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Cross-frame scripting protection: A case of doing it wrong

SasiSiddharth Absent Member.
Absent Member.
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I recently came across a cross-frame scripting finding reported by WebInspect that was perceived to be a false positive. However, while analyzing it, I realized that the application was vulnerable and that it was a true positive finding. I also made an interesting observation in the way the application was trying to protect itself against the vulnerability, or lack thereof.

 

To give a brief introduction, the cross-frame scripting vulnerability allows a vulnerable application’s page to be included within an iframe of a malicious website. This allows for exploits such as clickjacking and frame sniffing. The recommended protection against such exploits is to use the X-Frame Options response header and include a JavaScript snippet that performs frame-busting. While the use of declarative security headers is the best protection mechanism, complementing it with frame-busting helps protect users on older versions of a web browser.

Frame-busting logic usually looks similar to the following code snippet.

 

if(top != self)
{
   location = self.location;
} 

 

 Now, I came across the following snippet in one of the samples.

(1) <script type="text/javascript" src="/js/jquery/jquery_1_6_4.js"/>
(2) <style> html{display:none;} </style>
(3) <script type="text/javascript">
(4)    if(self == top) { document.documentElement.style.display = 'block'; }
(5)    else { top.location = self.location; }
(6) </script>

 

 At first glance, this code snippet seems correct. However, in reality, it failed to protect the application from the cross-frame scripting attack. A closer look revealed an interesting concept that could easily be overlooked by web developers. Let’s analyze this snippet line-by-line.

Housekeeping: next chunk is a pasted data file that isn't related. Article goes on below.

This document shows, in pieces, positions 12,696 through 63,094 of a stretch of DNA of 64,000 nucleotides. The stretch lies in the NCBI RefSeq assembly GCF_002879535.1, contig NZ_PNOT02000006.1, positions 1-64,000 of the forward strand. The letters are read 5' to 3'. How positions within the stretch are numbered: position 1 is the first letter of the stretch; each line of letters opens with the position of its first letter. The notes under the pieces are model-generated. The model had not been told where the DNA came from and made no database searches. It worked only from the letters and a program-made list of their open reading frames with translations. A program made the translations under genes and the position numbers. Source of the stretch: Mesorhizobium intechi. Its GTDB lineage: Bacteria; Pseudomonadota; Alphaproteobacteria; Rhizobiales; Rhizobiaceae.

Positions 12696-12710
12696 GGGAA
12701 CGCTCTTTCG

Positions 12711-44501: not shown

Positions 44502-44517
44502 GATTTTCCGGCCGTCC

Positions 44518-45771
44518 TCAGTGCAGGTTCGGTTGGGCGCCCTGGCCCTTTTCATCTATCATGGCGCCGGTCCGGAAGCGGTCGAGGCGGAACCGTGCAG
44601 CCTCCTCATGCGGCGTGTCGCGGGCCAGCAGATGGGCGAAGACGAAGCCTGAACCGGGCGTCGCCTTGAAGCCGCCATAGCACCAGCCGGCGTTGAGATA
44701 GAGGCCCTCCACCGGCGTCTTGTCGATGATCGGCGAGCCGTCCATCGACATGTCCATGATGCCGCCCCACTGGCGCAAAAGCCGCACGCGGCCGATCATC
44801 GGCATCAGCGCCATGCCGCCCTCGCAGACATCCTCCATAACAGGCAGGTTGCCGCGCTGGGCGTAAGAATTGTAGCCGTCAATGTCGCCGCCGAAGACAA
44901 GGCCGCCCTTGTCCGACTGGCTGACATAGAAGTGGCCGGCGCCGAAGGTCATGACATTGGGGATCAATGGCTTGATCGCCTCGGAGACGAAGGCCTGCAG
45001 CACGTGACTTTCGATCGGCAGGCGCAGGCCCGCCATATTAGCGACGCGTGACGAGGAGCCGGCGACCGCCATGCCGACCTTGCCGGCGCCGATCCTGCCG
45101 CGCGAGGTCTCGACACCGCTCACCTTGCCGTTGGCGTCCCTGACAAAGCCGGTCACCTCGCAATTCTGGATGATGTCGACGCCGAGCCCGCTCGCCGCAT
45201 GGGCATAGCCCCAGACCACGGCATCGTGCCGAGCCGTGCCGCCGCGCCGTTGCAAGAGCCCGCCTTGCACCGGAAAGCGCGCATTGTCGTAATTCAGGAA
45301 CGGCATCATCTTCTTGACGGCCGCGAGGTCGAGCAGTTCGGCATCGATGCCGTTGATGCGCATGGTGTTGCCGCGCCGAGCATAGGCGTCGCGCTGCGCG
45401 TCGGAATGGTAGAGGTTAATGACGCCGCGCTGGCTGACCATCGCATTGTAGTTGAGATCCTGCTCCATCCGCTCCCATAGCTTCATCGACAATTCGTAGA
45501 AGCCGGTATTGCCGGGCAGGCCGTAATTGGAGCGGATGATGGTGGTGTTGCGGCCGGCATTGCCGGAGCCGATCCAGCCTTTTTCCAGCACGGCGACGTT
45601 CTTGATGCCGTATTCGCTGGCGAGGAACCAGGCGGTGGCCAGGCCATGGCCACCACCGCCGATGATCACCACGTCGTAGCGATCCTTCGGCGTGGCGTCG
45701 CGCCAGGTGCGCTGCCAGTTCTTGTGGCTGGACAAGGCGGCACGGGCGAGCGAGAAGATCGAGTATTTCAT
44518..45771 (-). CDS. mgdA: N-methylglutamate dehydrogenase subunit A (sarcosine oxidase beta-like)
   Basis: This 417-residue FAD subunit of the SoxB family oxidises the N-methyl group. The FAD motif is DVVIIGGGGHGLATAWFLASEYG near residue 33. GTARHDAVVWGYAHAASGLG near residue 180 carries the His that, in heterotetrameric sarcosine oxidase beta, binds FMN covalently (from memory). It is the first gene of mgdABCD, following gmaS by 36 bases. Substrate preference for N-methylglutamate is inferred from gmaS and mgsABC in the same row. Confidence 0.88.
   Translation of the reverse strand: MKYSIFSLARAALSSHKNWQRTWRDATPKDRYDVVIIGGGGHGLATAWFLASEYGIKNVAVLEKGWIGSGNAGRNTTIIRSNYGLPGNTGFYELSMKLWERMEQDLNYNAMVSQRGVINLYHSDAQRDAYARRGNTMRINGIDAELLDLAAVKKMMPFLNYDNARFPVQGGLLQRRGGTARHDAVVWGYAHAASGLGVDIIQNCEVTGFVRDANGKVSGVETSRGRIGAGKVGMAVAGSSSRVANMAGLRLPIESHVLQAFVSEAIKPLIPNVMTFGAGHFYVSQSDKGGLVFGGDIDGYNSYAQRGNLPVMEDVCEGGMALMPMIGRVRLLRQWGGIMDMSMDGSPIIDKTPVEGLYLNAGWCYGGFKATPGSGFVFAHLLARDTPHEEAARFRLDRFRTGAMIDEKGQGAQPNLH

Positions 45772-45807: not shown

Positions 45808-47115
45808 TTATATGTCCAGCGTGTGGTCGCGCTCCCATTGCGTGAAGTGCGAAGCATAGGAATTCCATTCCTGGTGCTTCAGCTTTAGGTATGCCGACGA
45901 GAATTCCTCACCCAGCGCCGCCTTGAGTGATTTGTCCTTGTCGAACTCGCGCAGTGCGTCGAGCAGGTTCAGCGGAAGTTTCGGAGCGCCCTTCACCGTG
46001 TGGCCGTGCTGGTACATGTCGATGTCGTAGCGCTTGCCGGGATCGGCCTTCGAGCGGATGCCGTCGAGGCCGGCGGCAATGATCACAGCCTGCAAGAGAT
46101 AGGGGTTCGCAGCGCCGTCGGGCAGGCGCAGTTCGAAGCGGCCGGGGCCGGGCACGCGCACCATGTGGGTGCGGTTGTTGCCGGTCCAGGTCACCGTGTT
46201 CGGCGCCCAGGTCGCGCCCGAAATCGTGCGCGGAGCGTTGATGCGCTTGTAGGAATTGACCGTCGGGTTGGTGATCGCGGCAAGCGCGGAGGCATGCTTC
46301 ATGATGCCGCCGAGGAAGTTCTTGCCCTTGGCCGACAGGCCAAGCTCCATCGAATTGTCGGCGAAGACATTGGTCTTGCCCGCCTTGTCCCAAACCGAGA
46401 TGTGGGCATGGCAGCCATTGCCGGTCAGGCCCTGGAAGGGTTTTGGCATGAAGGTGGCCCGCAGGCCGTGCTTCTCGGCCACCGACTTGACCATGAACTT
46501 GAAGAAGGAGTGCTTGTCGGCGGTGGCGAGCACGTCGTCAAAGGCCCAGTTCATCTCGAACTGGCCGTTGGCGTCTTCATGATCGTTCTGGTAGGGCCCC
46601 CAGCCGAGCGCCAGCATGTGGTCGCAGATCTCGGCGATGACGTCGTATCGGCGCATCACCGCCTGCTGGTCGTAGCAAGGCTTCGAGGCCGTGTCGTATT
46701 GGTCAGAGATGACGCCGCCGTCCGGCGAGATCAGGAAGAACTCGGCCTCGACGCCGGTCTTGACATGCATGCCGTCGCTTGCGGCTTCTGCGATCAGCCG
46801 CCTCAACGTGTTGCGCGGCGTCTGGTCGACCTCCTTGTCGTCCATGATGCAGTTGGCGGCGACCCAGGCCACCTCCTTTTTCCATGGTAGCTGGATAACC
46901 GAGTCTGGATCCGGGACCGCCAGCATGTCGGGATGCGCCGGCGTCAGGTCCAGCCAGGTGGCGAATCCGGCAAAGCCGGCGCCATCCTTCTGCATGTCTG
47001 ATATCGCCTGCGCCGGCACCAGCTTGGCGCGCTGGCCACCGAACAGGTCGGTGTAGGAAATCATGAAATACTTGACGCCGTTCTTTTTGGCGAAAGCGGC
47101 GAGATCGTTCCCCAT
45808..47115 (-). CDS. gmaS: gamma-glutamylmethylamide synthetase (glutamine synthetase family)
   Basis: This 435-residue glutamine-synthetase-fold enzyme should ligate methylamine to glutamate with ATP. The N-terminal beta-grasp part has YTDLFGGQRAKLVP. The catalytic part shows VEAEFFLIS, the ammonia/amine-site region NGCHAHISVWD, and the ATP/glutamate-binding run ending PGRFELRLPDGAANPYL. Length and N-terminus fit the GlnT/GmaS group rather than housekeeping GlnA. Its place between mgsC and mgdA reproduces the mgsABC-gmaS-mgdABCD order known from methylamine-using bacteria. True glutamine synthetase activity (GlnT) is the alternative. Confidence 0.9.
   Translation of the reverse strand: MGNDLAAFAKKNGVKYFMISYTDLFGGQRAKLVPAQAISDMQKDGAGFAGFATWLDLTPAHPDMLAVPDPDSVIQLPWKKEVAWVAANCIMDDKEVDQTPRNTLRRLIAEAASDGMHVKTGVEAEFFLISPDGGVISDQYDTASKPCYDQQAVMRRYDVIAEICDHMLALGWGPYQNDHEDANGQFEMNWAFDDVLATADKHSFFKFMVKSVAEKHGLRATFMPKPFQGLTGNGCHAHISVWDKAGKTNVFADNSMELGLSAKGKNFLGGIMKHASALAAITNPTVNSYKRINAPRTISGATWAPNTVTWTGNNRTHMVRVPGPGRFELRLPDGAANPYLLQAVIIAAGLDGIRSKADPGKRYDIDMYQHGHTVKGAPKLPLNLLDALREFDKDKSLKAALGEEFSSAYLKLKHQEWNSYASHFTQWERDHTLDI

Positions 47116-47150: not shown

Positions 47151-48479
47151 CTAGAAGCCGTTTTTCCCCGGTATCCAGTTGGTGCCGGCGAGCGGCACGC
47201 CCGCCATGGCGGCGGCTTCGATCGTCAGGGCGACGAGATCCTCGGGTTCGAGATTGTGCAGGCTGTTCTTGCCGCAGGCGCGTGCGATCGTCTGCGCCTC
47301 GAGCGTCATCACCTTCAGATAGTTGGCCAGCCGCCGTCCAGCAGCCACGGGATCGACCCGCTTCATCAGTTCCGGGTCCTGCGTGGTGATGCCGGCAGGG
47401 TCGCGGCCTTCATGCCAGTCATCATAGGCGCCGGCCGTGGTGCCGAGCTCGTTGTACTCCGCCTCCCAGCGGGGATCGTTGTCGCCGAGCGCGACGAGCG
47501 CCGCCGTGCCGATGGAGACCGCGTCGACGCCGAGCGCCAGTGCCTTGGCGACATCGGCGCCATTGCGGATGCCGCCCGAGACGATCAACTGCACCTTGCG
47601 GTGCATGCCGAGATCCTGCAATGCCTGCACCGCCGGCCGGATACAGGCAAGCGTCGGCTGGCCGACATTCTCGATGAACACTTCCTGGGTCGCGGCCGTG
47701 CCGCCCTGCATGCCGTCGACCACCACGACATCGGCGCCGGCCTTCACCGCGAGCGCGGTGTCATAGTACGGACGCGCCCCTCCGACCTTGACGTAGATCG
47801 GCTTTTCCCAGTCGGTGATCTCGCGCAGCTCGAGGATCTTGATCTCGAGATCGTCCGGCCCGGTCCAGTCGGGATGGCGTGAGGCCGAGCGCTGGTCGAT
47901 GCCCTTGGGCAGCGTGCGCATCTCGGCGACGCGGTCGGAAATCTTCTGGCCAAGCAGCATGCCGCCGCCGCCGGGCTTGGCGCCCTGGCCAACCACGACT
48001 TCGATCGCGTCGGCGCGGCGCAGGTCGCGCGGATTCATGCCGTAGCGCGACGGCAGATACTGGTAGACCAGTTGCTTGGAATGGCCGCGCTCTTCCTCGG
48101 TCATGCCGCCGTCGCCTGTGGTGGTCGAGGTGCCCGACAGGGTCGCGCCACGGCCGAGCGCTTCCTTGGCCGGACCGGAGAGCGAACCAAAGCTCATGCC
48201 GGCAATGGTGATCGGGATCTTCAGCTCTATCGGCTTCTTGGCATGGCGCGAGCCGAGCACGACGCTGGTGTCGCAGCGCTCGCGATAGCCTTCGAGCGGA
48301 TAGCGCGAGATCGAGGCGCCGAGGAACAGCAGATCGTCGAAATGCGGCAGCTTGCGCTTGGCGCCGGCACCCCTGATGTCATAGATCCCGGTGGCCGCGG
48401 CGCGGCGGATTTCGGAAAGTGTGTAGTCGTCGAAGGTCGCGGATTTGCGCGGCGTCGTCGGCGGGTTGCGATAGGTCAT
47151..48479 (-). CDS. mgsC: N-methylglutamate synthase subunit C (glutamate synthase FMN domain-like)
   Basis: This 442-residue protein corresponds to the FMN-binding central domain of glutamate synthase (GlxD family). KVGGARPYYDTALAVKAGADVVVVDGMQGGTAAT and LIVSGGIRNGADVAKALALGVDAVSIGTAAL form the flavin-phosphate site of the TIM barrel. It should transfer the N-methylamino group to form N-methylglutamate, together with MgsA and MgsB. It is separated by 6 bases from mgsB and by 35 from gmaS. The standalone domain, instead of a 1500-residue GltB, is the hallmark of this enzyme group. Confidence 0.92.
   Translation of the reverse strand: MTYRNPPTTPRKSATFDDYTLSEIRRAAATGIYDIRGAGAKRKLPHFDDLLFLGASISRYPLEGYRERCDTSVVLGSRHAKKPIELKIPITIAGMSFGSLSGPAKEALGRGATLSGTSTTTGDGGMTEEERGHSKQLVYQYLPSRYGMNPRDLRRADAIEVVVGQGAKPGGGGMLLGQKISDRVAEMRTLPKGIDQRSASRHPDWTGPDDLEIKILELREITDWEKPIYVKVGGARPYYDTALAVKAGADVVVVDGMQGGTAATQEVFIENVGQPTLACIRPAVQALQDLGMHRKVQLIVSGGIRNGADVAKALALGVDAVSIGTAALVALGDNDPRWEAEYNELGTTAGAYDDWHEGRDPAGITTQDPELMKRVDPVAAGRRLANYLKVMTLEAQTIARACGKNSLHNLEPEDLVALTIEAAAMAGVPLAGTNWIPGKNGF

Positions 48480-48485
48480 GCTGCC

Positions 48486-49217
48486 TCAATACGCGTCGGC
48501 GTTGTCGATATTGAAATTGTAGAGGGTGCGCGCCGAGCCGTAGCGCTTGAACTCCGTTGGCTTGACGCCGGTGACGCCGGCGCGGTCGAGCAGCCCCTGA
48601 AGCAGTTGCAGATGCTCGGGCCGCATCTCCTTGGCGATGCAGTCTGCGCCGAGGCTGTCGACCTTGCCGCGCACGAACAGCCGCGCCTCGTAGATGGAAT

Line 1 is used to include an external script file into the current Document Object Model (DOM). Line 2 provides a style construct that hides the entire DOM by default. Lines 3 to 6 contain the next script block that decides whether or not to unhide the DOM. Looking deeper into this block, line 4 tests whether the page is embedded within an iframe. If not, it displays the DOM on the browser. Line 5 is executed if the current page is embedded within an iframe. In this case, it breaks out of the frame and reloads the page.

 

The flaw in this code happens to be in line 1. The script tag in line 1 has been self-closed. According to the HTML specification, void elements are defined as HTML elements/tags that can be self-closed. The following elements are listed as valid void elements – area, base, br, col, command, embed, hr, img, input, keygen, link, meta, param, source, track, wbr. The specification varies between HTML5, HTML4 and XHTML. I’m focusing primarily on the HTML4 specification since it’s widely used. Also, while HTML5 makes some closing tags completely optional, it is still recommended to continue using them in order to improve code readability.

 

Since the script tag isn’t a void element, a self-closed script tag cannot be recognized by a browser. Hence, the browser tries to process lines 1-6 as a single script block, but fails to execute it since line 2 is not valid JavaScript. This results in the frame-busting snippet not working as expected.

 

If this script block had contained code that affected the application’s functionality, it would have probably been discovered by the QA team. But frame-busting code isn’t usually considered to be part of the actual application, and hence could easily slip through the cracks (such as the one I examined) unless a vulnerability assessment is conducted.

 

The main takeaway here is to be aware of such details and quirks in the HTML specification and to understand that while browsers try to self-correct some HTML issues, they might not always be predictable and clearly that can result in security implications for a web application.

The opinions expressed above are the personal opinions of the authors, not of Micro Focus. By using this site, you accept the Terms of Use and Rules of Participation. Certain versions of content ("Material") accessible here may contain branding from Hewlett-Packard Company (now HP Inc.) and Hewlett Packard Enterprise Company. As of September 1, 2017, the Material is now offered by Micro Focus, a separately owned and operated company. Any reference to the HP and Hewlett Packard Enterprise/HPE marks is historical in nature, and the HP and Hewlett Packard Enterprise/HPE marks are the property of their respective owners.